For most of the '90s, the Breeders seemed resigned to being just a part of alternative rock's mythology: a lightning-in-a-bottle success story that helped define the era's sound and spawned a classic single before disappearing into substance abuse and a severe case of writer's block. By the end of the decade, hearing new material from Kim Deal and company seemed about as likely as a new My Bloody Valentine album, so the fact that Title TK, their long-awaited return, exists at all seems more than a little miraculous. In a weird way, the long, long wait for them to resurface works in their favor -- at this point, it's welcome to hear anything from them. After a nine-year (!) wait, a new Breeders album is just a nice addition to what's going on in indie rock instead of its salvation. From its very name, Title TK (journalistic shorthand for "title to come") reflects this: it's a surprisingly low-key, self-effacing return that doesn't feel like an attempt at reclaiming Last Splash's glory. Instead, it blends the stripped-down sounds of Pod and the Amps' Pacer into a collection of strangely intimate, feminine garage rock. Steve Albini's quick- and cheap-sounding production throws a spotlight on the weathered, offhand quality of Kim Deal's voice -- which is more sandpaper than sugar nowadays -- as well as every quirk in the band's playing. Even revved-up guitar rushes like "Little Fury" and "Huffer" have a little vulnerability lurking around the edges, and on the sweet "Too Alive," it sounds like you're in the garage with the band. There's a fascinating duality to Title TK, from the way that nearly every song mixes and blends Kim's and Kelley's not-quite-identical vocals to the way it switches between sweet, playfully spiky songs like "Son of Three" and "Forced to Drive" and dark, mysterious tracks. With its brooding, druggy allure, "The She" recalls Jefferson Airplane's "White Rabbit," and "Put On a Side" and the aptly named "Sinister Foxx" have a sexy menace that the Breeders haven't explored since Pod. "Off You," Title TK's first single, is about as far from "Cannonball" as the band can get, a dreamy, breathy ballad that sounds intimate but masks its feelings in beautifully cryptic imagery. Very much a take-it-or-leave-it work, Title TK doesn't even try to live up to fans' inflated expectations of what a Breeders album should be -- though the band may not have spent the entire nine years they were gone crafting this album, it feels like the only album they could make after such a long wait. Title TK isn't always a flattering portrait of the Breeders, but it is an admirably honest one.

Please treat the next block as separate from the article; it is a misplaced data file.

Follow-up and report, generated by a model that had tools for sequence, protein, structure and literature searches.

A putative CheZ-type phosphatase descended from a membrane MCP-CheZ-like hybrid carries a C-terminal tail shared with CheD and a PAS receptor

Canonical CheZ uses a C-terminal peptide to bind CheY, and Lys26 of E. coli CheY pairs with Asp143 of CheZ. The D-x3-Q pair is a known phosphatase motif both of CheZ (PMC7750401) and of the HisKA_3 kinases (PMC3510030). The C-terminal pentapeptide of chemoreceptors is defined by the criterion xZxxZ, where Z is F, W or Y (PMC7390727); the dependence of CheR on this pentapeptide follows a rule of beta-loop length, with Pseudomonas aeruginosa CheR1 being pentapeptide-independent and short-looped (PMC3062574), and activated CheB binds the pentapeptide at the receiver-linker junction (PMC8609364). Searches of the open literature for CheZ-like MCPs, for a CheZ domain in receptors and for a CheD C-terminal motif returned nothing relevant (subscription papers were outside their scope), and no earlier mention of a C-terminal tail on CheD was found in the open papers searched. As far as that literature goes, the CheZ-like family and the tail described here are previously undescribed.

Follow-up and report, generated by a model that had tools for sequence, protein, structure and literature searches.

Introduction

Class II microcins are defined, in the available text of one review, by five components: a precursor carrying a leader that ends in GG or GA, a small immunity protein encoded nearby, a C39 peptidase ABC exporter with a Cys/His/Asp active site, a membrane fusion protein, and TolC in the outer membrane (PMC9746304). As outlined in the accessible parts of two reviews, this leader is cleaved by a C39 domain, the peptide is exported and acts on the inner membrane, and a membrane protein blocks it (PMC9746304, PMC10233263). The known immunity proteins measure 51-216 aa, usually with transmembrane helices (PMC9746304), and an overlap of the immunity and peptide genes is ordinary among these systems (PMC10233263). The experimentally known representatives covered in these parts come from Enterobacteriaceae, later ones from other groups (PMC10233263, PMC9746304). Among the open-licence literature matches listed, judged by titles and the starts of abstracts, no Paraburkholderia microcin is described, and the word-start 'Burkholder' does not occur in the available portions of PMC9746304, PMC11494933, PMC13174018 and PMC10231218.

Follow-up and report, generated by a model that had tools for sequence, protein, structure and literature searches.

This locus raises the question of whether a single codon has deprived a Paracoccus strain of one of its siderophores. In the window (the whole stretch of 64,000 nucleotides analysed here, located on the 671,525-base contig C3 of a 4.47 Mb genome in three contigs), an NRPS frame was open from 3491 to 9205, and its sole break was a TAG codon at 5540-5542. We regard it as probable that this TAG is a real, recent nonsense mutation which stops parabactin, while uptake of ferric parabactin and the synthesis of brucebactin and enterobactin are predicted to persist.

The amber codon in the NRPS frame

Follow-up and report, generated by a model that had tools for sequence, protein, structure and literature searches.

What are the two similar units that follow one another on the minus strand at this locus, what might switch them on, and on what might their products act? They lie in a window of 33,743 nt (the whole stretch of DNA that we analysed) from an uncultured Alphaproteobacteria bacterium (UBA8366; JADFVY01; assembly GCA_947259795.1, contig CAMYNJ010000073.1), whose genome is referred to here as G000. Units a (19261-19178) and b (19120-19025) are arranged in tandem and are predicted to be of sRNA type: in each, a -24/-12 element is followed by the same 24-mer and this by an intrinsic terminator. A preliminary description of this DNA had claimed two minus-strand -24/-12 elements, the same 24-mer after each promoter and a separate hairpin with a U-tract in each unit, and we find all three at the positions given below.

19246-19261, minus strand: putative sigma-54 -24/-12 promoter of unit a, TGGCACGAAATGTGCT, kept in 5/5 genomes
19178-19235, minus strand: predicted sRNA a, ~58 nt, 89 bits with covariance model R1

AllMusic Review by Heather Phares